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What Is Temporal Lobe Epilepsy - Temporal Lobe Epilepsy Symptoms, Diagnosis And Treatment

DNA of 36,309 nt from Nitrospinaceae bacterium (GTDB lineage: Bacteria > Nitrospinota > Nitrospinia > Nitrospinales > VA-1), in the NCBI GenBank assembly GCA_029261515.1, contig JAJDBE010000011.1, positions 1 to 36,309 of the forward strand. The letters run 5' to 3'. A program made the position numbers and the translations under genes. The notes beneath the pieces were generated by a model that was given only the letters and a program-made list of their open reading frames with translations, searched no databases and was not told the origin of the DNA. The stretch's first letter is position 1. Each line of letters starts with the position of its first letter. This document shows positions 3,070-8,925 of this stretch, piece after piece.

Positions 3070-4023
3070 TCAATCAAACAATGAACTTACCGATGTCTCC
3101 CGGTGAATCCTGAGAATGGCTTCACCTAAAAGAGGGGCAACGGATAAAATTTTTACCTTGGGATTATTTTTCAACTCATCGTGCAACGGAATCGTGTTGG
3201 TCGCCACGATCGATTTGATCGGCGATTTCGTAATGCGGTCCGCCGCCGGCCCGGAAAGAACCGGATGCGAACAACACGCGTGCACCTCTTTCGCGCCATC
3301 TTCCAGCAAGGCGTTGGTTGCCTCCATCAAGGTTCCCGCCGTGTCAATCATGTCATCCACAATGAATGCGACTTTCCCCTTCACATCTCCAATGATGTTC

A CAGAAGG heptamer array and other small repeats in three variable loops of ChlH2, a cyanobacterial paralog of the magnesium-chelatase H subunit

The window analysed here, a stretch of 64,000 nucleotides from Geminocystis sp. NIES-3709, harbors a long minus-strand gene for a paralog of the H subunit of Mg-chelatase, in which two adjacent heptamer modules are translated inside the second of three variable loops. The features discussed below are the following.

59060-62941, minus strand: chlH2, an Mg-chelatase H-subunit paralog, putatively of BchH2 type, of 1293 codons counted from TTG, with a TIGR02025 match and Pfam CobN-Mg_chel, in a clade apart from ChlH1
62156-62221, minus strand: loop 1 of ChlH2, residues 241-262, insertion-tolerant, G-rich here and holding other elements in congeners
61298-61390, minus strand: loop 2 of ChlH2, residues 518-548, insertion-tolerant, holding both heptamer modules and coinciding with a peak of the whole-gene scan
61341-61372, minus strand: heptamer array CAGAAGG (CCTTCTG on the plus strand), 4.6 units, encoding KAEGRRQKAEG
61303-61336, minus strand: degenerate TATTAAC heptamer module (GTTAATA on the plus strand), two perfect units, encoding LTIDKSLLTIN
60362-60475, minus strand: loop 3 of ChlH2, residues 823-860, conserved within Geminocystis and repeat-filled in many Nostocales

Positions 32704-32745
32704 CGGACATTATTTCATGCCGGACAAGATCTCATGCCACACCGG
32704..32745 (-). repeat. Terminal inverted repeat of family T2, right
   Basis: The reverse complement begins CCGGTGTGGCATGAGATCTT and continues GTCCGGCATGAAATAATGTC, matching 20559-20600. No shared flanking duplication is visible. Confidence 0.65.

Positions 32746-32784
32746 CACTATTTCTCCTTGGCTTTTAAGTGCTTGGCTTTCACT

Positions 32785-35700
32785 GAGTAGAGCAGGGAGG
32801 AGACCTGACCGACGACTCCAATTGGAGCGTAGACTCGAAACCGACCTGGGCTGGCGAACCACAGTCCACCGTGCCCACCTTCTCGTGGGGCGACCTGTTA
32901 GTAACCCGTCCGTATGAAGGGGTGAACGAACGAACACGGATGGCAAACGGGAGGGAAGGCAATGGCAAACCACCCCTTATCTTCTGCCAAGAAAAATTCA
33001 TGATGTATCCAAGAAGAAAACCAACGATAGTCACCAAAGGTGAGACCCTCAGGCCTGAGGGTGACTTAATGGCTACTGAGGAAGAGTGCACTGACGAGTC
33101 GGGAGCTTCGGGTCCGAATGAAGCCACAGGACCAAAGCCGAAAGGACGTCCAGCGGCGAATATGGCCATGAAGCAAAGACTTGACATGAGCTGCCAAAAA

Temporal Lobe Epilepsy: In this video, We tried to provide information about what is temporal lobe epilepsy - temporal lobe epilepsy symptoms, diagnosis and treatment. Subscribe to our channel for more videos. Watch: (https://www.youtube.com/watch?v=zEdlYZmjRfk) Temporal lobe epilepsy: Symptoms, diagnosis and treatment Temporal lobe epilepsy or TLE is a type of epilepsy causing focal seizures beginning in the temporal lobe area of the brain. One or both lobes may be affected. There may be an aura warning sign before a seizure, but not everyone will experience this. Temporal lobe epilepsy may cause either simple partial seizures without loss of awareness or complex partial seizures with a loss of awareness. What are the symptoms of temporal lobe epilepsy? A seizure originating in the temporal lobe may be preceded by an aura or warning symptom, such as: - Abnormal sensations (which may include a rising or "funny" feeling in the gut) - Hallucinations (including sights, smells, tastes) - Vivid deja vu or recalled memories or emotions - A sudden, intense emotion not related to anything happening at the time During the seizure, a person may experience motor disturbances, sensory symptoms or autonomic symptoms. Motor or movement disturbances (called automatisms) may include the following: - Rhythmic muscle contractions on one side of the body or face - Abnormal mouth behaviour (lip smacking, chewing for no reason, slobbering) - Abnormal head movements (forced turning of the head or eyes) - Repetitive movements (such as picking at clothing) Other sensory symptoms may include the following sensations that start in one area and spread: - Numbness - Tingling - A feeling that the flesh is crawling - Autonomic symptoms may include the following: Abdominal pain or nausea How is a temporal lobe epilepsy diagnosed? If someone has a seizure for the first time, if a seizure lasts longer than two to three minutes, or if multiple seizures occur one after the other, take that person to the Accident and Emergency Department (A&E) or call 999 immediately. If a seizure disorder is suspected, the doctor will begin by taking a thorough medical history, and will ask about any birth trauma, serious head injury or infections of the brain such as encephalitis or meningitis. Brain function can be studied with an electroencephalogram (EEG), which detects the electrochemical relay of information from brain cell to brain cell. EEGs will show characteristic abnormal patterns during different types of seizures, but results can be normal in between seizures. Other investigations including X-rays, CT scans and MRIs of the head can help rule out specific causes of seizures. What are the treatments for temporal lobe epilepsy? Oral anticonvulsive medications such as phenytoin, carbamazepine, and sodium valproate may help reduce or eliminate recurrent seizures in some people. The newer anticonvulsants such as topiramate and lamotrigine can be more effective in some cases. However temporal lobe seizures do not always respond well to medication. Many people with temporal lobe seizures respond well to surgery that removes the abnormal part of the brain. This procedure is called a temporal resection. Vagus nerve stimulation is another treatment for seizures, which involves implanting a device under the collarbone, where it stimulates the left vagus nerve. This can result in a reduction of the number of seizures, or can reduce their length or intensity. The device can be pre-programmed by the doctor who inserts the device, or in some cases can be activated by the patient or a carer if the patient feels a seizure is imminent. - Sweating, flushing, dilated pupils or rapid heartbeat Thanks for watching what is temporal lobe epilepsy - temporal lobe epilepsy symptoms, diagnosis and treatment video and don't forget to like, comment and share. Related Searches: left temporal lobe epilepsy, mesial temporal lobe epilepsy, temporal lobe epilepsy, temporal lobe epilepsy and anger outbursts, temporal lobe epilepsy and deja vu, temporal lobe epilepsy and god, temporal lobe epilepsy and rage, temporal lobe epilepsy and religious experience, temporal lobe epilepsy and stuttering, temporal lobe epilepsy anger, temporal lobe epilepsy anxiety, temporal lobe epilepsy aura symptoms, temporal lobe epilepsy australia, temporal lobe epilepsy behavior, temporal lobe epilepsy bipolar disorder, temporal lobe epilepsy blog, temporal lobe epilepsy causes, temporal lobe epilepsy child, temporal lobe epilepsy definition, temporal lobe epilepsy deja vu, temporal lobe epilepsy documentary, temporal lobe epilepsy eeg, temporal lobe epilepsy god, temporal lobe epilepsy hallucinations, temporal lobe epilepsy in childhood, temporal lobe epilepsy in children, temporal lobe epilepsy in infants, temporal lobe epilepsy in kids, temporal lobe epilepsy laughing, temporal lobe epilepsy lecture, temporal lobe epilepsy lip smacking, Temporal Lobe Epilepsy Mri,